Thick haze puts health, air travel at risk: Indonesia

The intensity of pollution produced by land and forest fires in Sumatra and Kalimantan continued to fluctuate over the weekend, putting the health of local residents at risk and disrupting activities in a number of airports on the two major islands.

On Sunday, as of 10 a.m. local time, the management of Sultan Syarif Kasim International (SSK) II Airport in Pekanbaru reported that there was no flight activity taking place at the airport, as the haze that blanketed the Riau provincial capital decreased visibility to only 300 metres.

SSK II officer-in-charge Hasnan Siregar said although the visibility had increased to around 1,000 metres by 9:30 a.m., most airlines had decided to cancel their morning flights to Pekanbaru over safety concerns.

"In fact, there should have been six flight arrivals from Jakarta and Bandung during that time," Hasnan said.

Local authorities in many parts of the country, particularly in Sumatra and Kalimantan, have been struggling over the past few months to extinguish massive land and forest fires triggered mainly by this year's extended dry season.

In Riau, the country's largest oil-producing region, at least 12 regencies and municipalities have been blanketed by different intensities of pollution over the past weeks, resulting in an increase in the number of people suffering from respiratory illnesses.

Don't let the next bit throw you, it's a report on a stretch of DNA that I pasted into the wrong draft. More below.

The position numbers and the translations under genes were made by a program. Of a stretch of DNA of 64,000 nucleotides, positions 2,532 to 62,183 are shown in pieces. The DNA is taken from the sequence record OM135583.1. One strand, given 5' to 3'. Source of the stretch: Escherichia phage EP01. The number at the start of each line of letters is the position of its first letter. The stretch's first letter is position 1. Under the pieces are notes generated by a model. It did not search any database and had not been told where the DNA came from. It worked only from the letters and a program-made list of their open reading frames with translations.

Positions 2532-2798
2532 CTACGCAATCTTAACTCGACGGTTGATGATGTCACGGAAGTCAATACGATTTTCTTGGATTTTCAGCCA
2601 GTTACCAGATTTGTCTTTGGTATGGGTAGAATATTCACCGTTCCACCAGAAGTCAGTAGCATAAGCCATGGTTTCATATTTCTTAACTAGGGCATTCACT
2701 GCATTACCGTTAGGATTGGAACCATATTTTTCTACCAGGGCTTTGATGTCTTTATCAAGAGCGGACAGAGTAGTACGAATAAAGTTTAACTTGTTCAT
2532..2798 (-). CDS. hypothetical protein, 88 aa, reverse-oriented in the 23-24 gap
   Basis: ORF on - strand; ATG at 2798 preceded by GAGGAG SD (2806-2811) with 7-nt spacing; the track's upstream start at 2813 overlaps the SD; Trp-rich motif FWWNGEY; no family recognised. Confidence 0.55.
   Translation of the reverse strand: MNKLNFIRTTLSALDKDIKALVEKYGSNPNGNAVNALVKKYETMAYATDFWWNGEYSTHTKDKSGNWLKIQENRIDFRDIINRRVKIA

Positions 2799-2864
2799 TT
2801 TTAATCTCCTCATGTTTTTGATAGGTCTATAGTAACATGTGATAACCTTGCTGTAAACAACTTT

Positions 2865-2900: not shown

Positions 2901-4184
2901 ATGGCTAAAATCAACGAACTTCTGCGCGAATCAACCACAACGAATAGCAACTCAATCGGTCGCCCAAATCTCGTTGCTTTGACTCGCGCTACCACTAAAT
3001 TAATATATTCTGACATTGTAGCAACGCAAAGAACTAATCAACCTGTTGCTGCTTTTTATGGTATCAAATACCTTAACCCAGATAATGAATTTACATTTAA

Provisional data from the Riau Health Agency, for example, showed that 9,386 people had suffered from haze-related diseases over the past few months. Of that number, 7,412 suffered from acute respiratory infection (ISPA), 903 from skin irritation, 485 from eye irritation, 296 from asthma and 290 from pneumonia.

"During the past week alone, there were 2,601 new patients," agency head Andra Sjafril said on Sunday.

In South Kalimantan, Antara news agency reported that 13 flights from and to Banjarmasin's Syamsudin Noor Airport experienced delays for several hours on Sunday because of the thick haze that covered the city.

A Lion Air flight heading to Surabaya, which was initially scheduled to take off at 6:30 a.m. local time, for example, could only depart at 8:04 a.m., while another serving the Banjarmasin-Yogyakarta route finally left at 8 a.m. after it had been delayed for almost two hours.

"The visibility started to return to normal from 11 a.m. and by noon the visibility increased to 8,000 metres, allowing all subsequent flights to go smoothly," the airport's service section head Wahyu Riyanto said.

The government has recently announced the establishment of a task force that will conduct a "haze emergency" operation at the national level to support soon-to-be-established task forces on regional levels, with the respective governors acting as coordinators.

Meanwhile, in support of ongoing efforts to curb the worsening haze, a number of comic strip drawers accross the archipelago are organising a campaign against the pollution by posting their works, including animation, cartoons, photos, memes and poems under the theme of "protest against haze", on social media.

Pekanbaru-based Dhany Pramata, an initiator of the move, for example, recently created a campaign with the hashtag #MasihMelawanAsap (still fighting against haze) through his Instagram account, which has 55,300 followers.

"As a Riau resident, I will never tire of voicing my protests until the sky over Riau returns to blue," he told The Jakarta Post.